“I've got to be honest, it was so much fun this year,” he said. “That's all you really ask for.”

His teammates noticed as well.

“I think [Selanne] had too much fun this year not to come back,” said Saku Koivu.

Ducks general manager Boy Murray also addressed the media and didn’t hide his intentions with Selanne.

“He's too good to quit,” he said. “I'll do everything in my power to keep him here.”

In other developments, defenseman Toni Lydman and forward Matt Beleskey are scheduled to undergo shoulder surgery Monday, according to Murray.

Lubomir Visnovsky, who broke a franchise record for goals by a defenseman but was not much of a factor in the playoffs, revealed he has been playing with two injured shoulders that prevented him from picking up his young son. He won’t need surgery, however.

Veteran forward Todd Marchant, who will turn 38 this summer, also said he plans to contemplate his retirement plans after speaking with his family.

Ray Emery talked about his whirlwind season.

After sitting out a full year following hip surgery, Emery was signed as insurance when No. 1 goalkeeper Jonas Hiller began experiencing vertigo-like symptoms following the All-Star break. Emery ended up winning a starting role as Hiller’s symptoms lingered and other back ups struggled. He came back from a groin injury late in the regular season and started the last five playoff games.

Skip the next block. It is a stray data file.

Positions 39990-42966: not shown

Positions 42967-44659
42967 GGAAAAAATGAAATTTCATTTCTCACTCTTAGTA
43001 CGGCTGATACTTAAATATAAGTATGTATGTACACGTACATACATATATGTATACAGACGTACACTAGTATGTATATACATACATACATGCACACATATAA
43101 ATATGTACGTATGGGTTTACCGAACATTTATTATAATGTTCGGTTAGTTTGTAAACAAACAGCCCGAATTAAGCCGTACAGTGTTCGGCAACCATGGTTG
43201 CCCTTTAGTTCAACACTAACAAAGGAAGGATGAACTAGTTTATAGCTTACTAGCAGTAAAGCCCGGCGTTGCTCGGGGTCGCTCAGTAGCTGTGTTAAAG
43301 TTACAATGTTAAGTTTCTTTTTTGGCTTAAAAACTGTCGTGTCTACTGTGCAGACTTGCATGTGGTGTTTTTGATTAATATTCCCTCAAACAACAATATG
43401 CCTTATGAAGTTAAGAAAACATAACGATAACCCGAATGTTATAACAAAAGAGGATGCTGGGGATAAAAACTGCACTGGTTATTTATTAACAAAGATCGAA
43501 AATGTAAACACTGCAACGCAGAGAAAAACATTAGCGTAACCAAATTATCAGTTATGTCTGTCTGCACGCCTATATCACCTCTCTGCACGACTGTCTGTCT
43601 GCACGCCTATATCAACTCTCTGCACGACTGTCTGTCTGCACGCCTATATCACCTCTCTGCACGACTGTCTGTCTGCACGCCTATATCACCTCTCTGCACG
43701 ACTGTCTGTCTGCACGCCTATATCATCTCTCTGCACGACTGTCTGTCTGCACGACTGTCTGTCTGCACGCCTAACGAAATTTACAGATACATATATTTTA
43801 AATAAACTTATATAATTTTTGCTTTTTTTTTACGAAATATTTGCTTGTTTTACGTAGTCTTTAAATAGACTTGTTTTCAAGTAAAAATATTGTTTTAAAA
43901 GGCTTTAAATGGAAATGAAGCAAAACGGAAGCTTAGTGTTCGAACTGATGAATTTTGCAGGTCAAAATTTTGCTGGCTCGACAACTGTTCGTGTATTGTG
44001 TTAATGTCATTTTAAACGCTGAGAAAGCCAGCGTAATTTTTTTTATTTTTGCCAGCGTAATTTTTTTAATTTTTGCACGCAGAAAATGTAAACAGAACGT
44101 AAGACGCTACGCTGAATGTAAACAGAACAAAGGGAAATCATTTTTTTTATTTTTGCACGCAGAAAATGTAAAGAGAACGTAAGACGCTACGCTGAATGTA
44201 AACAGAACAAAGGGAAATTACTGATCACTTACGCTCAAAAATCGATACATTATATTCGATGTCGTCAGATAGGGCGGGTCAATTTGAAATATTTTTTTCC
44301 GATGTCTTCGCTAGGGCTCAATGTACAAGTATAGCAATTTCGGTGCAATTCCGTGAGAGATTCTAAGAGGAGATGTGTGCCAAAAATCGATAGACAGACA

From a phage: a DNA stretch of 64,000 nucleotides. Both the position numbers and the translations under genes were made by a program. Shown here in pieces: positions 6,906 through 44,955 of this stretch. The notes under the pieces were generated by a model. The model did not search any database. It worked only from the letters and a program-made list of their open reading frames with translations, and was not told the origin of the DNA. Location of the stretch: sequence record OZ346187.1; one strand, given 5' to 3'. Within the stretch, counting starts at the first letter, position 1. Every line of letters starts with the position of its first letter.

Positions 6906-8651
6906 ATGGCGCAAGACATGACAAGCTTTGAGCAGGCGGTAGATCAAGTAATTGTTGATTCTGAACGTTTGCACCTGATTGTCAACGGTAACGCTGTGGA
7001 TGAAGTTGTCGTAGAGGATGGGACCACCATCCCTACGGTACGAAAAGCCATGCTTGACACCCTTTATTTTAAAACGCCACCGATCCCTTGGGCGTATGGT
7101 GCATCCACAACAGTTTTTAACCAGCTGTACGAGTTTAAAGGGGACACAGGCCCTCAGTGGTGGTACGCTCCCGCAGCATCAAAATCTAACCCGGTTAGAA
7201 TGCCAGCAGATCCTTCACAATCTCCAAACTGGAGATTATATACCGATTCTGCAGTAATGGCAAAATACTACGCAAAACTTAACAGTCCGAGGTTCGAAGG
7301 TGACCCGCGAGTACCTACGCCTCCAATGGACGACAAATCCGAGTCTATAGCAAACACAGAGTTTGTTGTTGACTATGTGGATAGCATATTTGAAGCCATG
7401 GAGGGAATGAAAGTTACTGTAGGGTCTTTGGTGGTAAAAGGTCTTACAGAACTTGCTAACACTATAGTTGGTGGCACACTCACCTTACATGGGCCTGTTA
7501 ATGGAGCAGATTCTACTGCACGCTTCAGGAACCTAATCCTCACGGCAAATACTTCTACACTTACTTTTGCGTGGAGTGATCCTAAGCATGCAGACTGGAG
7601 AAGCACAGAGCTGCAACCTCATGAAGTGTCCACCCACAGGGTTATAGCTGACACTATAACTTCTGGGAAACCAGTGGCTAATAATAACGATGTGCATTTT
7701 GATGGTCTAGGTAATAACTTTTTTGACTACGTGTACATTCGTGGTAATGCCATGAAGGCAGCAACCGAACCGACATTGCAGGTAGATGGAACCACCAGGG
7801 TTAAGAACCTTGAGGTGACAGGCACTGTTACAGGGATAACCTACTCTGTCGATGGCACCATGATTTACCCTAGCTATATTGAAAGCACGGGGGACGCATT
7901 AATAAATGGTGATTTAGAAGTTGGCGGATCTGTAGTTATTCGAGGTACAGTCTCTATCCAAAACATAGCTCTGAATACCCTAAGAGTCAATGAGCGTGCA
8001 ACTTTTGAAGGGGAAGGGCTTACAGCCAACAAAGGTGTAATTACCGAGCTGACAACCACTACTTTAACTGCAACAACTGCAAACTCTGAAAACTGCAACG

He woke up Tuesday to learn he had been nominated as a finalist for the Bill Masterton Memorial Trophy, which goes to the player who “best exemplifies the qualities of perseverance, sportsmanship and dedication to hockey.”

“It's a nice acknowledgment,” he said.

Emery, who will be an unrestricted free agent July 1, said he’d like to return to Anaheim but recognizes the uncertainty with Hiller.

“It’s kind of up in the air, as far as what’s going on here with goaltending,” he said.

Murray called Hiller’s situation one of the big question marks of the offseason.

The other, of course, being Selanne.

Ducks: Game 3 on deck in Nashville

April, 17, 2011
Western Conference quarterfinals

Game 3

Ducks (1-1) vs. Nashville Predators (1-1) at Bridgestone Arena, 3 p.m. PT

Five storylines to track:

1. Ryan sits: If scoring goals against one of the league’s best goalkeepers isn’t tough enough, the Ducks will be without their second-leading goal scorer from the regular season for Games 3 and 4 in Nashville. Bobby Ryan was suspended two games by the NHL on Saturday for stomping on the skate of Nashville defenseman Jonathon Blum with about 3 minutes left in Game 2. Ryan scored two goals in the 5-3 victory and 34 during the regular season.